How is the best treatment process selected for surface water treatment?
The properties of the raw water and the quality goals for the finished water serve as the foundation for selecting treatment process alternatives. Future implementation of increasingly strict drinking water quality standards, as well as possible changes and unpredictability in raw water quality, must be taken into account.
As a result, the selection of alternative processes is influenced by the aims and objectives. Furthermore, the availability of major equipmentand the capability of operators and maintenance personnel, as well as waste handling requirements and the availability and cost of water treatment chemicals, all have a significant impact on the process selection, particularly in remote areas and developing countries.
Why is surface water treated?
Before it reaches the appropriate water quality, surface water must be treated. Surface water usually contains a lot of suspended particles, bacteria, algae, and organic waste, which gives it a poor taste and smell. Surface water in some regions, such as river estuaries, can be brackish, containing up to 8000 mg/L of salts.
Common methods for treating surface water
1: Strainer for microbes:Algae and plankton should be removed from the raw water.
2: Aeration:Taste and odour-causing volatile organics and gases are stripped and oxidized, as well as iron and manganese. Gravity aerators, spray aerators, diffusers, and mechanical aerators are examples of aeration systems.
3: Mixing:Chemicals and gases are distributed uniformly and quickly into the water.
4: Pre-oxidation:In raw water and other treatment units, oxidizing agents such as ozone, potassium permanganate, and chlorine compounds inhibit microbiological growth and oxidize taste, odour, and color-causing substances.
5: Coagulation: It is the initial phase, which involves rapidly adding coagulants like aluminium sulphate, ferric chloride, and organic polymers into the water. This changes the electrical charges surrounding the suspended, unwanted particles, causing them to attract and coagulate, or clump together, forming larger particles called flocs.
6: Flocculation: It involves gently agitating the water so that the flocs or particles meet, cling together, and entrap other suspended particles, resulting in larger, heavier particles that will settle out in the following steps.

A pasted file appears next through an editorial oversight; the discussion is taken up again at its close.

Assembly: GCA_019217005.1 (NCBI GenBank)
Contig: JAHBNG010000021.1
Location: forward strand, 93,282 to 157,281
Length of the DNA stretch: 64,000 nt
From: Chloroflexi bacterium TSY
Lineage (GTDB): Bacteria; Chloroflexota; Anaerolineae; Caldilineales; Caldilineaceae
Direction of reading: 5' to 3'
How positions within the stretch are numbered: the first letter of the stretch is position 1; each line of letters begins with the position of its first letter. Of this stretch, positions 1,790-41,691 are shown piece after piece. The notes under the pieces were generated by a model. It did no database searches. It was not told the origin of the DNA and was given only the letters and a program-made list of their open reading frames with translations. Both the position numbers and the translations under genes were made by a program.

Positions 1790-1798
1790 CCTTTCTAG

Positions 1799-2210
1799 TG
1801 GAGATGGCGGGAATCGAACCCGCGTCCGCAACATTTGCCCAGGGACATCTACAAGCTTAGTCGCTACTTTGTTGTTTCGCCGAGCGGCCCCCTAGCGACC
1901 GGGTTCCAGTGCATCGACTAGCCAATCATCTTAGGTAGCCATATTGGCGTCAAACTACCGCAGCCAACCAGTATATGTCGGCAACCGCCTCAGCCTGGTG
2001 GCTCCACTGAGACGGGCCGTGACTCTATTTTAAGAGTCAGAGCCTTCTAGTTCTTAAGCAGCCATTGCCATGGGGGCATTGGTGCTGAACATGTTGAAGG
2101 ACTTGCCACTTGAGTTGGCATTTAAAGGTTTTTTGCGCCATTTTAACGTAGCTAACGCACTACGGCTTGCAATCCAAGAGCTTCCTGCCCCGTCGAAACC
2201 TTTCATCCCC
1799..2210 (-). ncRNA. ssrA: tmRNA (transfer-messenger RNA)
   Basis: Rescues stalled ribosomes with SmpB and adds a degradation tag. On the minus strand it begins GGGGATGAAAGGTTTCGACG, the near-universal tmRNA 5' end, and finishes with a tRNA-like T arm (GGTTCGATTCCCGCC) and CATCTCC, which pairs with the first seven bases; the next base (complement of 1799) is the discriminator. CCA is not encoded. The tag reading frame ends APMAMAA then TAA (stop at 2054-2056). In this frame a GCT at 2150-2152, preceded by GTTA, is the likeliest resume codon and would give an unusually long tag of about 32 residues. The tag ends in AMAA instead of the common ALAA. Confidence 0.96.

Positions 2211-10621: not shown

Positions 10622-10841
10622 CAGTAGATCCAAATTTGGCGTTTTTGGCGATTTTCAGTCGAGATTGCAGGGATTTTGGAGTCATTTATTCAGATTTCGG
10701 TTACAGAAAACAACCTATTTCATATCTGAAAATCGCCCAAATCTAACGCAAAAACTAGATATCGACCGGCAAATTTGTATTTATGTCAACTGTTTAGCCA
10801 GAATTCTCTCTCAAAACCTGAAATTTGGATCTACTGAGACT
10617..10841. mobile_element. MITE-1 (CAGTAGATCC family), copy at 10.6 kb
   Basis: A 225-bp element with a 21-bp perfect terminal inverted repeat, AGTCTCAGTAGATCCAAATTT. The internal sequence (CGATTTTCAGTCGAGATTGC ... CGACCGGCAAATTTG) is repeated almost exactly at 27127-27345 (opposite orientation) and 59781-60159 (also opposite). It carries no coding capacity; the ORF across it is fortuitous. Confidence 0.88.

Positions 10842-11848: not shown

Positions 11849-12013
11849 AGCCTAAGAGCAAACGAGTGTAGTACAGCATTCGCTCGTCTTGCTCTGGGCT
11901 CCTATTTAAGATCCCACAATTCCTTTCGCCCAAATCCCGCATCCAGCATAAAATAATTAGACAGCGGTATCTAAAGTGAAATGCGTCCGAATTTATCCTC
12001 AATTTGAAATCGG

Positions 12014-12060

7:Sedimentation: The flocculated water travels slowly through a basin or tank during this phase, allowing the heavy floc particles to drop to the bottom and be removed.
8:Filtration:Water is filtered via a sand, coal, or similar material filter, which removes particles like silt, other very fine particulates, and some pathogens that did not settle during the sedimentation process. Filtration reduces turbidity even more, resulting in crystal clear water.
9: Use of Activated Carbon:Chemical pollutants can also be removed with activated carbon. Contaminants cling to the surface of carbon and are removed rather than being retained in the microscopic passageways between grains of sand, a process known as carbon adsorption.
10: Filtration Procedures without Clarification: Filtration processes without clarification can be swiftly overrun by filter-clogging algae in reservoirs and other surface waters with substantial algal blooms.
Algae have a density similar to water, and when they produce oxygen, they can develop their own flotation devices. As a result, dissolved air flotation (DAF), in which coagulated particulate debris, including algae if present, is floated to the top of a clarity tank, is a better procedure for algae removal.
11:Iron and Manganese removal: If unwanted levels of iron and manganese are present, aeration (the mixing of air and water) is occasionally utilized; the elements remain in solution in water in the absence of oxygen.
12:Fluoride: It is sometimes used in various systems to prevent tooth decay.
13: Membrane Filtration: It covers a wide range of processes and, depending on the membrane process employed, can be used for a variety of source water quality.
Reverse osmosis (RO) is a water purification method that eliminates pollutants from water by forcing water molecules through a semipermeable membrane under pressure. The toxins are filtered out and washed away during this process, leaving clean, tasty drinking water.The concentrated water, which contains dissolved and undissolved debris that does not flow through the membrane, is released to the drain, while purified water permeates the membrane and is collected.
14: Disinfection:In the water supply, it destroys disease-causing microbes. UV light and oxidative chemicals such as chlorine, bromine, iodine, potassium permanganate, and ozone are used to disinfect, with chlorine being the most often employed chemical.
What is the BOTTOM LINE?
When looking for surface water treatment solution, there are numerous aspects to consider.
The most successful treatment, whether biological, chemical, or physical, is determined by the site circumstances, pollutant kinds, and concentrations. Budget, timeline, and other considerations will also influence which treatment options are chosen.
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